Jack Ma

Jack Ma’s Ant Group Subject to $1.1 Billion Fine by Chinese Authorities, Largest for an Internet Company

Chinese authorities are expected to conclude their probe of Ant Group Co. as early as Friday, resulting in a fine of over $1.1 billion. Alibaba Group Holding Ltd. shares surged in Hong Kong in response to this news. US Treasury Secretary Janet Yellen also engaged in informal talks with Chinese officials, aiming to stabilize strained relations between the two superpowers. Investors are also monitoring potential stimulus decisions by the Chinese government following Premier Li Qiang’s commitment to implementing targeted policies for economic recovery.

Chinese authorities are expected to announce a fine of at least 8 billion yuan ($1.1 billion) on Ant Group, putting an end to the fintech company’s extensive regulatory overhaul. Sources with direct knowledge of the matter revealed that the People’s Bank of China (PBOC), which has been leading Ant’s restructuring since its halted $37 billion IPO in 2020, will disclose the penalty in the coming days. Following the Reuters report, shares of Ant’s affiliate, Alibaba Group, surged as much as 6.4% in Hong Kong before retracing some gains.

The substantial fine, one of the largest ever for an internet company in China, will enable Ant to secure a financial holding company license and pursue growth, eventually reviving its plans for an initial public offering. The anticipated fine holds broader implications for the technology sector, marking a significant step towards the conclusion of China’s crackdown on private enterprises, which began with the cancellation of Ant’s IPO and led to substantial market value losses for numerous companies.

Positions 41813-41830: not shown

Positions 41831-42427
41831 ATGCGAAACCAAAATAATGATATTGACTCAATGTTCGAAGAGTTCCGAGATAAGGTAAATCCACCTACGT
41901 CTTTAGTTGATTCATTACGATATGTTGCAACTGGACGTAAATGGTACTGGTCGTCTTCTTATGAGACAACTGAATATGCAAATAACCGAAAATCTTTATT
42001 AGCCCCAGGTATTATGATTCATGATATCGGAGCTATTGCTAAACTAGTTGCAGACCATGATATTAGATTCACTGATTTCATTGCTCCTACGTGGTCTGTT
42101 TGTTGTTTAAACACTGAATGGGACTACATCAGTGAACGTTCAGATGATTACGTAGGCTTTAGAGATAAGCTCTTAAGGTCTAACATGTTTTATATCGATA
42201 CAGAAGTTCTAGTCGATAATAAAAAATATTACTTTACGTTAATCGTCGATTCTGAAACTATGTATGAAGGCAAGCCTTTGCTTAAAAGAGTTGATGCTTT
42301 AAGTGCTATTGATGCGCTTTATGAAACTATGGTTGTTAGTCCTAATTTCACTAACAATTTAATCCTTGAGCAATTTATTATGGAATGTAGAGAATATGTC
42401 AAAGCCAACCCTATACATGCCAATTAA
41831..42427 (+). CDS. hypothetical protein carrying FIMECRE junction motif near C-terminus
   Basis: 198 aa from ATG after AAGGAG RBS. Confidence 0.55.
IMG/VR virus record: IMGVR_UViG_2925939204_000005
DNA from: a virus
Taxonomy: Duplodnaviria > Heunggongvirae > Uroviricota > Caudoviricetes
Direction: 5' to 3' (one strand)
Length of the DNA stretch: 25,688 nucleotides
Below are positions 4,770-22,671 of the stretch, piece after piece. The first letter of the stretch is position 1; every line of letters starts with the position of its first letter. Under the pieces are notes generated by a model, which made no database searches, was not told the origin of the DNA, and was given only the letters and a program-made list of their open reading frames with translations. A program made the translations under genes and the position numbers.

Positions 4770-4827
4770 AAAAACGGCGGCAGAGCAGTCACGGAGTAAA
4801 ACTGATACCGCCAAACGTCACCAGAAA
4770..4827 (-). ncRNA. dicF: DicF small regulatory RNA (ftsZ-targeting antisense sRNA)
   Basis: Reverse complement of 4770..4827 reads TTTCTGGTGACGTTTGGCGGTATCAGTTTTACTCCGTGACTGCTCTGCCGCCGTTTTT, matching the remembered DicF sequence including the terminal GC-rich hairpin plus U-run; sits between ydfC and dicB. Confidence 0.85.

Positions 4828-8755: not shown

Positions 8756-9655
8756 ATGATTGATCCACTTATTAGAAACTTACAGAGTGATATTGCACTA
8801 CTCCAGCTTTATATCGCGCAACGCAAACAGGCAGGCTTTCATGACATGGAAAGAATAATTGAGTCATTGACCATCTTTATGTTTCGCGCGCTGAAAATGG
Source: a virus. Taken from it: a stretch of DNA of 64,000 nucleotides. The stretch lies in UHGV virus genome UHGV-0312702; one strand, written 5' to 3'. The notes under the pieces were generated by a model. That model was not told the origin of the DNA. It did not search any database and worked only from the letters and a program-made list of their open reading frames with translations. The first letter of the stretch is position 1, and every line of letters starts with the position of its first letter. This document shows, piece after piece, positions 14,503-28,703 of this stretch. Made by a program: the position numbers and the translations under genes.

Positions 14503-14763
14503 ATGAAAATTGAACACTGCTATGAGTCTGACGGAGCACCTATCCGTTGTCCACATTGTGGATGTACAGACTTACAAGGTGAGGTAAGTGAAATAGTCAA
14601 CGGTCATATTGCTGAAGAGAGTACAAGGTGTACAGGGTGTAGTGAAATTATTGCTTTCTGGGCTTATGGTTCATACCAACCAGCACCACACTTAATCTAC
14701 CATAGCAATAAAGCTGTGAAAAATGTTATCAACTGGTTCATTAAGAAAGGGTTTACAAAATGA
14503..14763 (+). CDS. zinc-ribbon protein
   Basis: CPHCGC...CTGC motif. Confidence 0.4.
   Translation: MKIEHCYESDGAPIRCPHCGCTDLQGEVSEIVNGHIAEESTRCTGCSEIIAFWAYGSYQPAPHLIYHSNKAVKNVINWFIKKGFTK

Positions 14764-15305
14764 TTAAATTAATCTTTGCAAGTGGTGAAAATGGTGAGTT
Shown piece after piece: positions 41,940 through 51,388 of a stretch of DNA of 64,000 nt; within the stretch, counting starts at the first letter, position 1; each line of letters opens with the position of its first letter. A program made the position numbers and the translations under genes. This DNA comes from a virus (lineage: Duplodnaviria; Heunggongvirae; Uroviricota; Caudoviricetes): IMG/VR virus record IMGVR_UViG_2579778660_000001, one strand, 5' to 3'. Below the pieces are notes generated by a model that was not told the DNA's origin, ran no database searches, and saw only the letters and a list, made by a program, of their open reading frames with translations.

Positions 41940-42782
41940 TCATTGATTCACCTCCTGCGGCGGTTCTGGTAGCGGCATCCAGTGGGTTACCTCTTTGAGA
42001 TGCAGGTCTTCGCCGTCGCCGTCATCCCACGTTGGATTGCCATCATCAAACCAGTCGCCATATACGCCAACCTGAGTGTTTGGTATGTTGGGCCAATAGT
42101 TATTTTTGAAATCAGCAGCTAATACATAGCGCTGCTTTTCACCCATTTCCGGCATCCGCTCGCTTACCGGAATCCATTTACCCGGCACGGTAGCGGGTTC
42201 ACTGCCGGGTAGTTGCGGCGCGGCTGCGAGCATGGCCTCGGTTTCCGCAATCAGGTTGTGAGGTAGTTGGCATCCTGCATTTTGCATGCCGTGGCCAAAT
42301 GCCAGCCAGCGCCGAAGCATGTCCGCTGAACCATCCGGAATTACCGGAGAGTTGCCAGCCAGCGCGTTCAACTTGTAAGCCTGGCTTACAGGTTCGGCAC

Ant, founded by billionaire Jack Ma, offers payment processing, consumer lending, insurance product distribution, and other services. Since mid-2020, it has undergone a comprehensive restructuring process, transforming into a financial holding company subject to banking regulations and capital requirements. The fine is expected to focus on alleged violations related to the “disorderly expansion of capital” and associated financial risks caused by Ant’s previously unrestricted operations.

The timing of the fine announcement coincides with the appointment of Pan Gongsheng, the deputy governor of the central bank, as the bank’s party secretary, a move seen as a precursor to appointing him governor. Pan has been actively involved in overseeing Ant’s restructuring and has participated in meetings with the company regarding the fine and the overall revamp. The National Financial Regulatory Administration, a newly formed government body, is now the primary regulator responsible for granting Ant the necessary license.